I am 35, unhappily married for eight years. Before marriage, I told my husband what I expected from him and our marriage. I only asked for two things. One, that we each pay off our debt before the wedding, and two, that he would promise never to lie to me.

I wanted to start our lives together with a clean slate so we could concentrate on the future, which I hoped would include a house and kids.

Six months into the marriage I learned he lied to me and paid off his debt with money we were saving for a house. I was devastated and felt our marriage was a farce. I wanted to leave, but my family convinced me to try and work it out.

We had a child, and I started to trust more, though I still felt alone in the marriage.

Three years after the birth of my son, I met a man I instantly clicked with. My feelings were like nothing I experienced before. He knew I was having trouble in my marriage, but I did not feel comfortable discussing it with him, and our relationship never became physical.

I felt so guilty. I started to work harder on my marriage, mostly for my son’s sake, and the other man started dating someone. I wanted to tell him how I felt but was afraid to. I thought if he felt something, he would say something, and if it was meant to be, it would be.

His relationship grew stronger and he eventually married. My relationship grew weaker as I discovered my husband once again lying. My husband and I have been to a marriage counselor as well as individual therapists. I am trying to work up the courage to leave.

Rather than feeling bad about my marriage failing, I feel bad I may have missed my only shot at a real relationship. I don’t connect to people easily and things with him felt so right.

I thought I was doing the right thing, choosing to remain faithful in my marriage, though it was hard. Now I feel I was untrue to myself and am the loser. Please offer me encouragement that being good pays off in the long run.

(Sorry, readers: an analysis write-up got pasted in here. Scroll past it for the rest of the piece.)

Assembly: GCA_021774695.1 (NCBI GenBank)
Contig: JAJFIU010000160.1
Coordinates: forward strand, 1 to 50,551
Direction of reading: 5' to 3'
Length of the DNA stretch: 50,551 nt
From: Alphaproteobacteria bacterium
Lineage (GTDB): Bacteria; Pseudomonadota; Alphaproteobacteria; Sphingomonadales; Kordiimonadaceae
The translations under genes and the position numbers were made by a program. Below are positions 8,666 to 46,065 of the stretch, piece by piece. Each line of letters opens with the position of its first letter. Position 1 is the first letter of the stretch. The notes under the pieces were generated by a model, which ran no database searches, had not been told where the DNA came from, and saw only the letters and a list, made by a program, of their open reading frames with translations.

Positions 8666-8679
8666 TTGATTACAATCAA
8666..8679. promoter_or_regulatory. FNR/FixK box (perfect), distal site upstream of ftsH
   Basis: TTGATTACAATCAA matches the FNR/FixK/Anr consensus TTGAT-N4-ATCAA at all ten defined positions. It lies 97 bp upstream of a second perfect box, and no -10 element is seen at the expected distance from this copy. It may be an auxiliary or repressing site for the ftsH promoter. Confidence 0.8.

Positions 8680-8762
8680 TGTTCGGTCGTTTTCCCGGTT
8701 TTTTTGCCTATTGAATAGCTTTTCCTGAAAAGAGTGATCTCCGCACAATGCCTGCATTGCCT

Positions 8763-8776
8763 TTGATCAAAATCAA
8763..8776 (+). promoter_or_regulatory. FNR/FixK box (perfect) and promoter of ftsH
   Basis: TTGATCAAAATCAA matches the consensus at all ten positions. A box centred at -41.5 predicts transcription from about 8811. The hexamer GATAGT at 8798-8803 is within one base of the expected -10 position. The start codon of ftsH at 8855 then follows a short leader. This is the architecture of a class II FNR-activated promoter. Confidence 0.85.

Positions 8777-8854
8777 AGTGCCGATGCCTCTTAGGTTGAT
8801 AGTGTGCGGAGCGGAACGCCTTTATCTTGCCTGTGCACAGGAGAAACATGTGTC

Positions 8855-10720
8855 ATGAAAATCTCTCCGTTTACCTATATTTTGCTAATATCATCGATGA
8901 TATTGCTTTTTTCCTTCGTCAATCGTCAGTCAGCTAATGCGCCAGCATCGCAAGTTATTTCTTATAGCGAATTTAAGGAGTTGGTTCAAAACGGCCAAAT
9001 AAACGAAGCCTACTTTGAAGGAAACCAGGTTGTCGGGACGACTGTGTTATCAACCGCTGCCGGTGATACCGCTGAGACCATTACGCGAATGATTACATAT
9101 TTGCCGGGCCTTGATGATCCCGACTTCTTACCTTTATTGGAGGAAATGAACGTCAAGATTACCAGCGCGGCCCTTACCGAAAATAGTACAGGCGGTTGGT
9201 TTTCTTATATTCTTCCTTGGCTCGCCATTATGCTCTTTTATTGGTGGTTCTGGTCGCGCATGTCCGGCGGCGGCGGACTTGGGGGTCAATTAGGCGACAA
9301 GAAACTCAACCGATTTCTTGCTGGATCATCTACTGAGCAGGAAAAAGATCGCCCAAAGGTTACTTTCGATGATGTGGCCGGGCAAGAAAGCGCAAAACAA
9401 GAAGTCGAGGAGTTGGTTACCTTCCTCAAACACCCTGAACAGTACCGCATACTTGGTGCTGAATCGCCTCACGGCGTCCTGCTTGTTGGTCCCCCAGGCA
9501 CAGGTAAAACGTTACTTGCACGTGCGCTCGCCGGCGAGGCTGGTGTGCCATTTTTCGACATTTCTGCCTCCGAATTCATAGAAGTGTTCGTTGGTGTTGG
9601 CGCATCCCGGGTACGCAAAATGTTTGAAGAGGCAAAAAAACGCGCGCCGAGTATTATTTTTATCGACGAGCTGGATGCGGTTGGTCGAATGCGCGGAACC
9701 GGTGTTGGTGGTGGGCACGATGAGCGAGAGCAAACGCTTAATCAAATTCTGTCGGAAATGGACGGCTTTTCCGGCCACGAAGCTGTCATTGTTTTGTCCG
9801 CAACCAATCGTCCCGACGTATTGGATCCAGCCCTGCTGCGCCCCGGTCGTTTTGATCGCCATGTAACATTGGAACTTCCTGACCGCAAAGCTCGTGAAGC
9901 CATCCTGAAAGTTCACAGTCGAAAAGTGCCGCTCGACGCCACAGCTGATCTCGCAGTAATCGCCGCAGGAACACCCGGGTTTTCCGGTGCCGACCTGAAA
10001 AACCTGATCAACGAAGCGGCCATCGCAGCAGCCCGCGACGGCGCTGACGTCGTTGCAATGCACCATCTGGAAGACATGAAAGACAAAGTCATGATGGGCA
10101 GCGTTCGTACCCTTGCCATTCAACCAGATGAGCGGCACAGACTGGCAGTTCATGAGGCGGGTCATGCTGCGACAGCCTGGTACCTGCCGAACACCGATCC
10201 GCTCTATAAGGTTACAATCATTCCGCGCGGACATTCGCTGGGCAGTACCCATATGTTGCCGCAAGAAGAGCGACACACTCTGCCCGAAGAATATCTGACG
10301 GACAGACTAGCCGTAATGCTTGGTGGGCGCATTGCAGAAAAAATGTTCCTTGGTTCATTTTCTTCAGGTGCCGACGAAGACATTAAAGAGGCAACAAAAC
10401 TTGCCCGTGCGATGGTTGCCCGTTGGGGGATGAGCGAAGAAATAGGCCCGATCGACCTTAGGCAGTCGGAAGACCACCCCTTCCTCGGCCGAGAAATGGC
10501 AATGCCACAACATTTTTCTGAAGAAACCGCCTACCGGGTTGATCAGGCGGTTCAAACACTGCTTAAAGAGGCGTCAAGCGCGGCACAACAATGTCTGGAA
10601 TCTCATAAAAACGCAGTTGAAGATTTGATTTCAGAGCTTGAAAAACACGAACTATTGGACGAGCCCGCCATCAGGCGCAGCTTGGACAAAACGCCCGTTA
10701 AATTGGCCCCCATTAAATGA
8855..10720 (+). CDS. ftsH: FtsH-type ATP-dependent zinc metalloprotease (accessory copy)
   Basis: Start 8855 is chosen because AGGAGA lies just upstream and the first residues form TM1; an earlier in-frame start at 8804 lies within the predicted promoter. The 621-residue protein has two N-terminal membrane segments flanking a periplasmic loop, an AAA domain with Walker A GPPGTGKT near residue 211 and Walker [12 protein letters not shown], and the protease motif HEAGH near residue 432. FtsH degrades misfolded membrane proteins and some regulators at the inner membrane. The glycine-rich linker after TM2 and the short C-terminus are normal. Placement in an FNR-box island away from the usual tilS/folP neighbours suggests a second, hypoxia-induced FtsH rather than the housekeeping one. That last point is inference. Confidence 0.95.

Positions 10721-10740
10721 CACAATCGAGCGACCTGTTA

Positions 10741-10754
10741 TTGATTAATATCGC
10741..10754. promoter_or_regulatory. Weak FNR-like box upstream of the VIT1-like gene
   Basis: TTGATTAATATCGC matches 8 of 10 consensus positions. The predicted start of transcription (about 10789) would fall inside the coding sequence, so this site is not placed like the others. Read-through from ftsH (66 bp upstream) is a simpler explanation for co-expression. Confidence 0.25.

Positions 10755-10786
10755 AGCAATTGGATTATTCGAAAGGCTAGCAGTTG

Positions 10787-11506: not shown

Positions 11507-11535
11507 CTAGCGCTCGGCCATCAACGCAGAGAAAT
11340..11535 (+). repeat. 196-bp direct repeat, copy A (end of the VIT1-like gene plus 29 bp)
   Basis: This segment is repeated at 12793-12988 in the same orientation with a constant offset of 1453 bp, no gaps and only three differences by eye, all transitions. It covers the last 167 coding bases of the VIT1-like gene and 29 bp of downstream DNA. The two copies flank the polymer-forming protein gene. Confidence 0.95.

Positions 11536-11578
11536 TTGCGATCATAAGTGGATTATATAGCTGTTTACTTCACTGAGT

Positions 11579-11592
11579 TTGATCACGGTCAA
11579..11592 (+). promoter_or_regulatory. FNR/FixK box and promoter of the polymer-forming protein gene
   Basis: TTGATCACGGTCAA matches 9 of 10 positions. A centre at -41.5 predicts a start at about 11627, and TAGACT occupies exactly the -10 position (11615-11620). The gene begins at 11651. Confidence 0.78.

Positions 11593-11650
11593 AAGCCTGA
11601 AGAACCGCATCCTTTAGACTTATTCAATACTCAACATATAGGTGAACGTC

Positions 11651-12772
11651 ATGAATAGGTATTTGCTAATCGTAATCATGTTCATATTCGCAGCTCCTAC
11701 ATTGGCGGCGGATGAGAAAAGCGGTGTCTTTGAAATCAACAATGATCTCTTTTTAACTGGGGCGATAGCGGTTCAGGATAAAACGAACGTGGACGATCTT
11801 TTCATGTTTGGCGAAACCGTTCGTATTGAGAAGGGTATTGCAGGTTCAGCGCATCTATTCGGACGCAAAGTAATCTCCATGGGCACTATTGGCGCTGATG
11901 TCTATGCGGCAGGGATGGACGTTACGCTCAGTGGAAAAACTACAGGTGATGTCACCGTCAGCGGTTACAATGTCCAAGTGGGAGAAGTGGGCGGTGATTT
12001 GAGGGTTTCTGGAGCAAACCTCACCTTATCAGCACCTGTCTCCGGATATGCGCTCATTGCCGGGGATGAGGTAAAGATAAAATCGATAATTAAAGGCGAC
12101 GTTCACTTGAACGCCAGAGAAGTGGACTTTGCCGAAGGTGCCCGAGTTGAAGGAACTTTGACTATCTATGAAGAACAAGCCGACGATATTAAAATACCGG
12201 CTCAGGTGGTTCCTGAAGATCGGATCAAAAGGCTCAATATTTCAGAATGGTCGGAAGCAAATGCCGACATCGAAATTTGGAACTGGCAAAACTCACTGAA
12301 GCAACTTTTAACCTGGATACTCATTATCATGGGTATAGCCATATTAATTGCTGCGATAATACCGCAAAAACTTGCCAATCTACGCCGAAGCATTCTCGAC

~ Ava

Ava, what do you mean by being good? A good daughter? You let your family talk you into ignoring the facts and your feelings. That’s where things went wrong and look at the cascading wrongs which followed.Being good does pay off, but that means being true to oneself. It means acting on what you know is right. That’s why ending the marriage had to be your decision. Letting others make the decision for you was not being good. It was going along to get along.

You gave your future husband a list of things to adhere to, which means you sensed the relationship was not based in love. Unconsciously, you doubted you could trust him not to harm you.

In hindsight, you wonder why the other man did not state his feelings. Perhaps he has principles; he knew you were married. In the same way, now that he is married, it would be wrong for you to approach him.

We are not here to acquiesce to other people’s wishes. We are here to be good. That means going forward in the world being honest to ourselves. Now that you understand what love is, it means proceeding with open eyes and an open heart, open for the right one to come along.

~ Wayne & Tamara

Column for the week of August 6, 2018

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